Leipzig: Sumtu Joh. Friderici Gleditschii, 1718. Hardcover. This appears to be only the third collected edition of Sextus Empiricus [the only Ancient sceptic philosopher whose works have survived], after the 1569 - Paris - edition (Martin leJeune) and the 1621 - Orleans - edition (Petri and Jacobi Chouet). As Bernard Quaritch points out (Bibliopoly), the "rediscovery of Sextus' writing in the sixteenth century had a major impact on Renaissance thought. It is from Sextus that Montaigne derived his motto (...) "what do I know" and (..) it was from Sextus that he borrowed freely in the famous essay, the 'Apologie de Raymond Sebonde', in which he gave fullest expression to his scepticism."
2 works bound in one, with continuous pagination. Folio. (18) 735 (19) pp. Contemporary full leather binding, tooled at edges. Title page in red and black lettering. Illustrated initials. Printers devices. Critical notes in Latin. Includes indexes. Text in Greek and Latin in parallel columns. Two seminal works by renowned Ancient physician and philosopher, Sextus Empiricus (see below), which also represent his oeuvre (all of his surviving works). Sextus Empiricus's three known works are the Outlines of Pyrrhonism, and two distinct works preserved under the same title, Against the Mathematicians (Adversus Mathematicos), one of which is probably incomplete. The first six books of Against the Mathematicians are commonly known as Against the Professors, but each book also has a traditional title Books VII-XI of Against the Mathematicians form an incomplete whole; scholars believe that at least one, but possibly as many as five books, are missing from the beginning of the work. [Source: Public Domain Encyclopedia] Serious age wear to binding, with most of spine missing. Front board loose but present. Binding still tight. Minor tears to edges of free front endpaper and half title, not affecting text. Browning and sporadic foxing, especially at first few pages, mainly at edges, not affecting text. Otherwise clean and tight. In Latin. Binding in fair, book in very good condition. g. Item #19165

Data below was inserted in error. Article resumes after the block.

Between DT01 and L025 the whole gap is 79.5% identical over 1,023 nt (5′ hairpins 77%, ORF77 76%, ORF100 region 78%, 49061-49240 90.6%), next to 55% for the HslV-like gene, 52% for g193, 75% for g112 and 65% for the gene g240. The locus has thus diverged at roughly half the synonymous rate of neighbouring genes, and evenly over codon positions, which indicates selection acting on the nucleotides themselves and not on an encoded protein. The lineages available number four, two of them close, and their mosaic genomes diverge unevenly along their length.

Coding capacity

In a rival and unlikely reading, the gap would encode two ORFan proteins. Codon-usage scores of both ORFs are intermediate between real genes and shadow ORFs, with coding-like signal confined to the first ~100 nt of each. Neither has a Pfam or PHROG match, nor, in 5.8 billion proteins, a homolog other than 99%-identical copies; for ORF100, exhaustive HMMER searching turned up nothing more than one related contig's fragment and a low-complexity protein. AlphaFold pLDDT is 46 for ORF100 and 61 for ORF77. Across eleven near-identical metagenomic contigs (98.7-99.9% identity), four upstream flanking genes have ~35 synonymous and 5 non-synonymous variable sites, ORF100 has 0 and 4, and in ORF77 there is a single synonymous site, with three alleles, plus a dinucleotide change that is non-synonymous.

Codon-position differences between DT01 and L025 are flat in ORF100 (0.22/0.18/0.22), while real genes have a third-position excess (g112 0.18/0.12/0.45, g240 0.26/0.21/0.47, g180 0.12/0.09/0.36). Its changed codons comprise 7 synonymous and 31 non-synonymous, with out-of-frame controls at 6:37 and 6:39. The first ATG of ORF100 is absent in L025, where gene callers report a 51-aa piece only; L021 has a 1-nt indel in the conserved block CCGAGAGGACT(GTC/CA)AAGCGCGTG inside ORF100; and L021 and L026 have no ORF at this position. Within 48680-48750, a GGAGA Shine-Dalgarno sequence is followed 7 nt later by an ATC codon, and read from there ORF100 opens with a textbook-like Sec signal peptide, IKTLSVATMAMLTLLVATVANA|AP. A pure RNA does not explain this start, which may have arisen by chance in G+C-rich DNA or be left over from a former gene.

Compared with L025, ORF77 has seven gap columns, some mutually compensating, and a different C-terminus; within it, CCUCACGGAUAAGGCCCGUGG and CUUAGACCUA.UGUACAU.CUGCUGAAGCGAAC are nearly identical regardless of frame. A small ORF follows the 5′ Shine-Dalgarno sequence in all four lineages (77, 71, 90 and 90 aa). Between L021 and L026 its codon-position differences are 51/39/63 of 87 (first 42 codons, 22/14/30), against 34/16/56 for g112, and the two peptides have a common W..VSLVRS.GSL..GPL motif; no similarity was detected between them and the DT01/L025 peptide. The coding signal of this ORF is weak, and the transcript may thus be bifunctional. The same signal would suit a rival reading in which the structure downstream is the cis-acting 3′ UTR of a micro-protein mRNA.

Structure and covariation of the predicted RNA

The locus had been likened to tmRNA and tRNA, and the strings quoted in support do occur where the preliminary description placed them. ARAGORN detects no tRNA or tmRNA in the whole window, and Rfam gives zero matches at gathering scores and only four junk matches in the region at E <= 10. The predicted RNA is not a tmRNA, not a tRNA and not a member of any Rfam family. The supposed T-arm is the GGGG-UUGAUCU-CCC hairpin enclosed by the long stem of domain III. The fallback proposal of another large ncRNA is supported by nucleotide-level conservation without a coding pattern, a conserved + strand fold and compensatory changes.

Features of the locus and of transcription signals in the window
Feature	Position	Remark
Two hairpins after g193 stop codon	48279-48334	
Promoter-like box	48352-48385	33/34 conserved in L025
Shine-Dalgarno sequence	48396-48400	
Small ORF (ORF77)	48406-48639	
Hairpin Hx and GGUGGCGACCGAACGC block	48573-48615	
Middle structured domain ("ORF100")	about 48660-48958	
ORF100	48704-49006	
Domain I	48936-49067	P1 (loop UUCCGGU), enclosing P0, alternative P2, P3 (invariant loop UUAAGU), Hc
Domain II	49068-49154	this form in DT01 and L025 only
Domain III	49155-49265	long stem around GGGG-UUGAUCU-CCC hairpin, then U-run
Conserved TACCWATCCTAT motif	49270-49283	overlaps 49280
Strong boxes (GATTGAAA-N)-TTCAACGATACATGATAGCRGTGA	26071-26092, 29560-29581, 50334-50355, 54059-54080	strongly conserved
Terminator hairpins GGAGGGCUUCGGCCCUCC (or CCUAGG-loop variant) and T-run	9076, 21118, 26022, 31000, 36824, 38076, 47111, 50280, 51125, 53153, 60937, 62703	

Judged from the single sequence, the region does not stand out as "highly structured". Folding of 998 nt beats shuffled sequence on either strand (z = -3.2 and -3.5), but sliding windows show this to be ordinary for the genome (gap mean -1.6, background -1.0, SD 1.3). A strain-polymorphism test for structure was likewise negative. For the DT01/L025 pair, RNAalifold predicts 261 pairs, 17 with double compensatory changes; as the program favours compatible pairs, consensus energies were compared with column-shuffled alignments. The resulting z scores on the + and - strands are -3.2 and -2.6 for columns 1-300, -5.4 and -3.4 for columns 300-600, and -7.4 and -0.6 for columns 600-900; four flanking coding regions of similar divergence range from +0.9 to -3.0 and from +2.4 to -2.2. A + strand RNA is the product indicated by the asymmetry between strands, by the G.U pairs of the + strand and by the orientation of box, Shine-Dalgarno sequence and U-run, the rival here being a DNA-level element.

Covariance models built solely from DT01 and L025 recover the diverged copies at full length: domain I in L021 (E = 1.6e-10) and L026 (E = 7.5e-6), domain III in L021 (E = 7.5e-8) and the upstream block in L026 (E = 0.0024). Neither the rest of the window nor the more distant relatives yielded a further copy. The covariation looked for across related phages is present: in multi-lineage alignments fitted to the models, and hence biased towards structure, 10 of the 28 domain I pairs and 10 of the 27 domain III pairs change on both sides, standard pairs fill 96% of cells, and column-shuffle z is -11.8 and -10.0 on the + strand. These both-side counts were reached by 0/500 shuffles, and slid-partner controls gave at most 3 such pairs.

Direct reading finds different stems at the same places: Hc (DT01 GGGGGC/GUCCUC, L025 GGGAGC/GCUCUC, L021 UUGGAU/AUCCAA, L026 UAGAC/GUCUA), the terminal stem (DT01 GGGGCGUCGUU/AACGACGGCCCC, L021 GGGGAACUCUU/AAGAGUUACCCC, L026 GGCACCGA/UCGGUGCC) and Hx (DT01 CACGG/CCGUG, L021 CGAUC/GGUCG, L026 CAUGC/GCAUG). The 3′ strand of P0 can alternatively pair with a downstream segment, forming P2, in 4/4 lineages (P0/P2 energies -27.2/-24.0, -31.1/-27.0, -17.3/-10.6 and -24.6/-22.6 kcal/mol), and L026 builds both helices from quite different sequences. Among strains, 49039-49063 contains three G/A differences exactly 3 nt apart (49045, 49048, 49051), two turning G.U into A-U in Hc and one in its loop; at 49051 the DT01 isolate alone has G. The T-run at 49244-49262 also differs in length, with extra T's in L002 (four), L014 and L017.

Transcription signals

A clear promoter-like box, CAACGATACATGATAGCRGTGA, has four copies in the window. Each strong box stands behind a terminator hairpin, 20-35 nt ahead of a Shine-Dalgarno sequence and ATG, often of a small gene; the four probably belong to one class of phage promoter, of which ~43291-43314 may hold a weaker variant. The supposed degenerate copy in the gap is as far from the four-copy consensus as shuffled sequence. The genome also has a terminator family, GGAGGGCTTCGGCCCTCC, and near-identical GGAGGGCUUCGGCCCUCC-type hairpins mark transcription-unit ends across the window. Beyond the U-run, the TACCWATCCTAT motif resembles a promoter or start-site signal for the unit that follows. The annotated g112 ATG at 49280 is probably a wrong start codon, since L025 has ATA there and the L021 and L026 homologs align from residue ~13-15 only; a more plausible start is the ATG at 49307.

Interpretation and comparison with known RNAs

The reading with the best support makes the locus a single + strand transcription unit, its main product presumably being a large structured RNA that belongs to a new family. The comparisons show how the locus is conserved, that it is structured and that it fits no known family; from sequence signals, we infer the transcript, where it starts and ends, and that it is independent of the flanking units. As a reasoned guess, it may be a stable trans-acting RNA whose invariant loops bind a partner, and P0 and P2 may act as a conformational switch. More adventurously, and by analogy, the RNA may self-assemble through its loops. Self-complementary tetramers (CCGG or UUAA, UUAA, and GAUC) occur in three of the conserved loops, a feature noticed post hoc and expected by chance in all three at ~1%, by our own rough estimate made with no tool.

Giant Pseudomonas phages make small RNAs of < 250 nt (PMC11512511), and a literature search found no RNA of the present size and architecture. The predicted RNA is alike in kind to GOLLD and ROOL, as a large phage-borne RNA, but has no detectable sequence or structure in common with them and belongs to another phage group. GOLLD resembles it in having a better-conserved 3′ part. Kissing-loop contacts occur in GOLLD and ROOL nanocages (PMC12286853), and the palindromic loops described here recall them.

On Sectus Empiricus (Source: Encyclopedia Britannica, 11th edition): SEXTUS EMPIRICUS (2nd and 3rd centuries C.E.), physician and philosopher, lived at Alexandria and at Athens. In his medical work he belonged to the " methodical " school (see ASCLEPIADES), as a philosopher, he is the greatest of the later Greek Sceptics. His claim to eminence rests on the facts that he developed and formulated the doctrines of the older Sceptics, and that he handed down a full and, on the whole, an impartial account of the members of his school. His works are two, the Pyrrhonian Hypotyposes and Against the Mathematici (ed. Fabricius, Paris, 1621, and Bekker, Berlin, 1842).